In Risky Business (hfm Magazine), Chad Mulvany describes how “payment reform will force providers to again embrace a type of operational risk that many have avoided since their experience with capitation in the 1990s." He recently sat down with Healthcare Technology News to describe these changes.
HTN: What changes do you anticipate in payment reform and what are the implications?
Chad Mulvany: I can see two types of reform that come out and specifically impact reimbursement. The first is across the board payment cuts, such as reductions to DSH (Medicare's Disproportionate Share Hospital) or the market basket update factors. These are essentially untargeted payment cuts. The other type, which is probably more important for the long term, is a reimbursement shift from volume (fee for service model that we're current paid on) more towards a focus on value. Not only are payers looking at a provider's efficiency in providing care, but also the quality level that's provided. This could come in the form of different initiatives. One example would be reduced payments or non-payments for re-admission, another would be value based purchasing where providers that offer higher quality care are reimbursed more. A few more examples would include accountable care organizations and payment bundling for episodes of care.
HTN: What types of risk will providers be managing?
Chad Mulvany: We’ll continue to manage cost risk. This is the type of risk we've always managed and as an industry we're fairly comfortable with it. We've faced it ever since the implementation of DRG's.
There's also quality risk which we've also managed but not in the sense of how it impacts actual payment, but in terms of how it impacts market share. Because traditionally we've been concerned that we were regarded as high quality the perspective that no one wants to go to a low quality hospital. Now it's coming from the perspective of payers, be it Medicare, Medicaid or even your commercial payers are will look to pay high quality providers more at the procedure level.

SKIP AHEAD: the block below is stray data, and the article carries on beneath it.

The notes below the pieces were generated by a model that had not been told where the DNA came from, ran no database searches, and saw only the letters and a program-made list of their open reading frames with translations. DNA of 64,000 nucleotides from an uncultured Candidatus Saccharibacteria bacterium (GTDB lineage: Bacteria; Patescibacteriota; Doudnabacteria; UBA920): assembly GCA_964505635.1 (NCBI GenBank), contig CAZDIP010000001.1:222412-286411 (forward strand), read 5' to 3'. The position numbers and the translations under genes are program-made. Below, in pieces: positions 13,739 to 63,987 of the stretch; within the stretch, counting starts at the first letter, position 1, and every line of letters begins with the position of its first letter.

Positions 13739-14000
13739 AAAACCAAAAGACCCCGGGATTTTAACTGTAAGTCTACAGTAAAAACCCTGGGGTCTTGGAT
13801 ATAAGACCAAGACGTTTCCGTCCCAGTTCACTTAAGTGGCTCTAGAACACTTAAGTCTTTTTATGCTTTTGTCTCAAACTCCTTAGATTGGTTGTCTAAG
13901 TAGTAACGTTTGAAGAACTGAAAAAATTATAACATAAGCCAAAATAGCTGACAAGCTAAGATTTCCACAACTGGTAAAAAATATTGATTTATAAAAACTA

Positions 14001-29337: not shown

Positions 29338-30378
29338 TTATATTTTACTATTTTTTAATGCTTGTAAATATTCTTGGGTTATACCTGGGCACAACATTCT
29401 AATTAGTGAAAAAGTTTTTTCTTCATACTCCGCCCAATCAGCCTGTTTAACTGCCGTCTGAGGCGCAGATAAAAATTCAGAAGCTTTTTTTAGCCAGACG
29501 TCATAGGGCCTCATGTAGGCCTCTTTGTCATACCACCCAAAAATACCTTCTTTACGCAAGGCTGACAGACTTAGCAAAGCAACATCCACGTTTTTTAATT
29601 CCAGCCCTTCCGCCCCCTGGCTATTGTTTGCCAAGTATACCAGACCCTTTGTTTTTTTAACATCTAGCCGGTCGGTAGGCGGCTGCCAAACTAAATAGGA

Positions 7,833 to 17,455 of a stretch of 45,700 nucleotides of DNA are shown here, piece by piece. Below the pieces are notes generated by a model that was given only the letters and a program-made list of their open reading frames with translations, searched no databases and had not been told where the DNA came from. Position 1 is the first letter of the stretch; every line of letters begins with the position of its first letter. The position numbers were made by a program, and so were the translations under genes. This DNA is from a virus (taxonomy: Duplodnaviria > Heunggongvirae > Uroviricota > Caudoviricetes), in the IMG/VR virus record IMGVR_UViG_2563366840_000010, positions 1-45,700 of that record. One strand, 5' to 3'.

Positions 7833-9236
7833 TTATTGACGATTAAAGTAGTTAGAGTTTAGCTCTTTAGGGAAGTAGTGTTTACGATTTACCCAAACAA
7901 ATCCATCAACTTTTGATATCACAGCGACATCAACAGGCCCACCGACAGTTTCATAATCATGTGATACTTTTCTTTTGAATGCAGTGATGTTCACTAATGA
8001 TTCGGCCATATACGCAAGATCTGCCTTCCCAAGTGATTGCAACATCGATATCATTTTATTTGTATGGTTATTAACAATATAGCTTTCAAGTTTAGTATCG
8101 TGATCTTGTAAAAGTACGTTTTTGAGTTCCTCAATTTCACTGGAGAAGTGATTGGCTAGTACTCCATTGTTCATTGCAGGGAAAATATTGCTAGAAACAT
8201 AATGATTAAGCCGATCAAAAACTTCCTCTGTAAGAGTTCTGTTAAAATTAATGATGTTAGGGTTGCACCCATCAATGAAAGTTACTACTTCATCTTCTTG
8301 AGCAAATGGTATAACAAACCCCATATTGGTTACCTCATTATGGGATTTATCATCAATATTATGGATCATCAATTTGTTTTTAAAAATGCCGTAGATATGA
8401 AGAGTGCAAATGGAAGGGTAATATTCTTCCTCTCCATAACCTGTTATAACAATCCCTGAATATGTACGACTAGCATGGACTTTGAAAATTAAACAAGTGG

And then the final one is what I would call efficiency risk. It almost gets into population health risk, and bears a resemblance to partial capitation. Both accountable care organizations and episode of care bundling are examples of payment systems that push greater efficiency risk to providers. Hospitals are going to have be very conscious about the level of resources that go into providing care and making sure that the amount of resources is being matched to what the patient needs. For example, in the instance of a hip replacement surgery, making sure someone who is 85 years old and bed-ridden doesn't get the same hip that Lance Armstrong would get.
HTN: What can providers do to prepare for this coming change?
Chad Mulvany: There are a couple of things to prepare for this change. First and foremost it's going to be imperative for providers to improve integration with physicians. Doctors drive costs through their choices of how care is delivered and they have a tremendous impact on the way patients think about care. So I think it’s important hospitals are better integrated with physicians and that their economic incentives are tightly aligned. This doesn’t have to happen through physician employment. There are a lot of facilities out there that are looking at unique integration structures be it some type of co-management model for a service line or departments paying physicians for example to be an active department director. Or reaching out to community physician leaders and paying them to act as an advisory council to your organization - - obviously you have to be careful of how these arrangements are structured from a Stark perspective. Another thing that providers need to do is to focus on quality improvement. Obviously there’s been a big push for that recently. That's going to extend to looking very critically at why patients are readmitted at your hospitals or drilling down into near misses on never events and things like that squeeze them out of the system. Finally, hospitals should examine their operations not only to make sure they put processes in place to improve quality, but also to squeeze cost out of the system in a systematic manner. Many facilities are finally looking to six-sigma and other process improvement methodologies to achieve this.
HTN: This is a big sea change in health care. How quickly will providers shift to managing risk?